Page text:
Part of Advances in Neural Information Processing Systems 31 (NeurIPS 2018)

*Hamid JALALZAI, Stephan Clémençon, Anne Sabourin*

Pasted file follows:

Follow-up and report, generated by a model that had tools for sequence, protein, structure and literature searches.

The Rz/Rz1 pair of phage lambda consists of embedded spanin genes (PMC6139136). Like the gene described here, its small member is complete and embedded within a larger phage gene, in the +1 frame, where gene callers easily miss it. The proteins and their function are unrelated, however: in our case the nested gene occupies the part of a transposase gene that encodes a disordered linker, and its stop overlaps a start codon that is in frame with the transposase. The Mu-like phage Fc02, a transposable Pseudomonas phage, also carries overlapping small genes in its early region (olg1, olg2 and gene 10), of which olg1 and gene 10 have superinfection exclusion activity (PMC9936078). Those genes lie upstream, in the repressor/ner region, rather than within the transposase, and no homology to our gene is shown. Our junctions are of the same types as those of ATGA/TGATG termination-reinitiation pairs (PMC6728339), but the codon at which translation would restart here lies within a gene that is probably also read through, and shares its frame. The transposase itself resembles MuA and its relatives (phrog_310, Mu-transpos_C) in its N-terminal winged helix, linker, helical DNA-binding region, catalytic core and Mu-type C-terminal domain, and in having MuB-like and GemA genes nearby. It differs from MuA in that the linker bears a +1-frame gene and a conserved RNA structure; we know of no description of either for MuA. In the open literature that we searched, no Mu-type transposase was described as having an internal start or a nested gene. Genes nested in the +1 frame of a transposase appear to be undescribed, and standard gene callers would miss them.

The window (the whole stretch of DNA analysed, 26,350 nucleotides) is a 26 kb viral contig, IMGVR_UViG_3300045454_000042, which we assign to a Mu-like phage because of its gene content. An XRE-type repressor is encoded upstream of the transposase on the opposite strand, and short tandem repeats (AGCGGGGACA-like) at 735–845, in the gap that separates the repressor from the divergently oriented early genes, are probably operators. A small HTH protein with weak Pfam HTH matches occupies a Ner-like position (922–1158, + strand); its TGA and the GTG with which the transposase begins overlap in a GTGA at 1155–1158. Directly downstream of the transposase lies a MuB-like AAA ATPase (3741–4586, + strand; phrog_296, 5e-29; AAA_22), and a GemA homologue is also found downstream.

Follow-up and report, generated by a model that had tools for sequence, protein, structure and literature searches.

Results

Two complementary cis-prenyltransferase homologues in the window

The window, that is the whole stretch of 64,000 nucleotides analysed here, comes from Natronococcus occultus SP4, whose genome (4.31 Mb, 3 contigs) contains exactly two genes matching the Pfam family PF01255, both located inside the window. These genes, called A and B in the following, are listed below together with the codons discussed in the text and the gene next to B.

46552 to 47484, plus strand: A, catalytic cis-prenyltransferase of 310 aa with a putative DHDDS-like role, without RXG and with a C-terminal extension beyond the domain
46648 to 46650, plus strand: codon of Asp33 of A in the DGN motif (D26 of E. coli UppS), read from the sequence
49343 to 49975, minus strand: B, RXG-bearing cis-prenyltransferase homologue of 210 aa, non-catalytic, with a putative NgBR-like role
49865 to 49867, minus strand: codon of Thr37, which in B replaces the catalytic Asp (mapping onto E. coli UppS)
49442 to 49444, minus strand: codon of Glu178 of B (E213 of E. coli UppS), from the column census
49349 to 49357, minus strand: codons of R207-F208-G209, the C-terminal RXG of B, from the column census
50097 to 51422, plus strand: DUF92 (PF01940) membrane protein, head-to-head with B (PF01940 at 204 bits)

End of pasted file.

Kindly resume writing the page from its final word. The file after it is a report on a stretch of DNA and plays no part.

In pattern recognition, a random label Y is to be predicted based upon observing a random vector X valued in $\mathbb{R}^d$ with d>1 by means of a classification rule with minimum probability of error. In a wide variety of applications, ranging from finance/insurance to environmental sciences through teletraffic data analysis for instance, extreme (i.e. very large) observations X are of crucial importance, while contributing in a negligible manner to the (empirical) error however, simply because of their rarity. As a consequence, empirical risk minimizers generally perform very poorly in extreme regions. It is the purpose of this paper to develop a general framework for classification in the extremes. Precisely, under non-parametric heavy-tail assumptions for the class distributions, we prove that a natural and asymptotic notion of risk, accounting for predictive performance in extreme regions of the input space, can be defined and show that minimizers of an empirical version of a non-asymptotic approximant of this dedicated risk, based on a fraction of the largest observations, lead to classification rules with good generalization capacity, by means of maximal deviation inequalities in low probability regions. Beyond theoretical results, numerical experiments are presented in order to illustrate the relevance of the approach developed.

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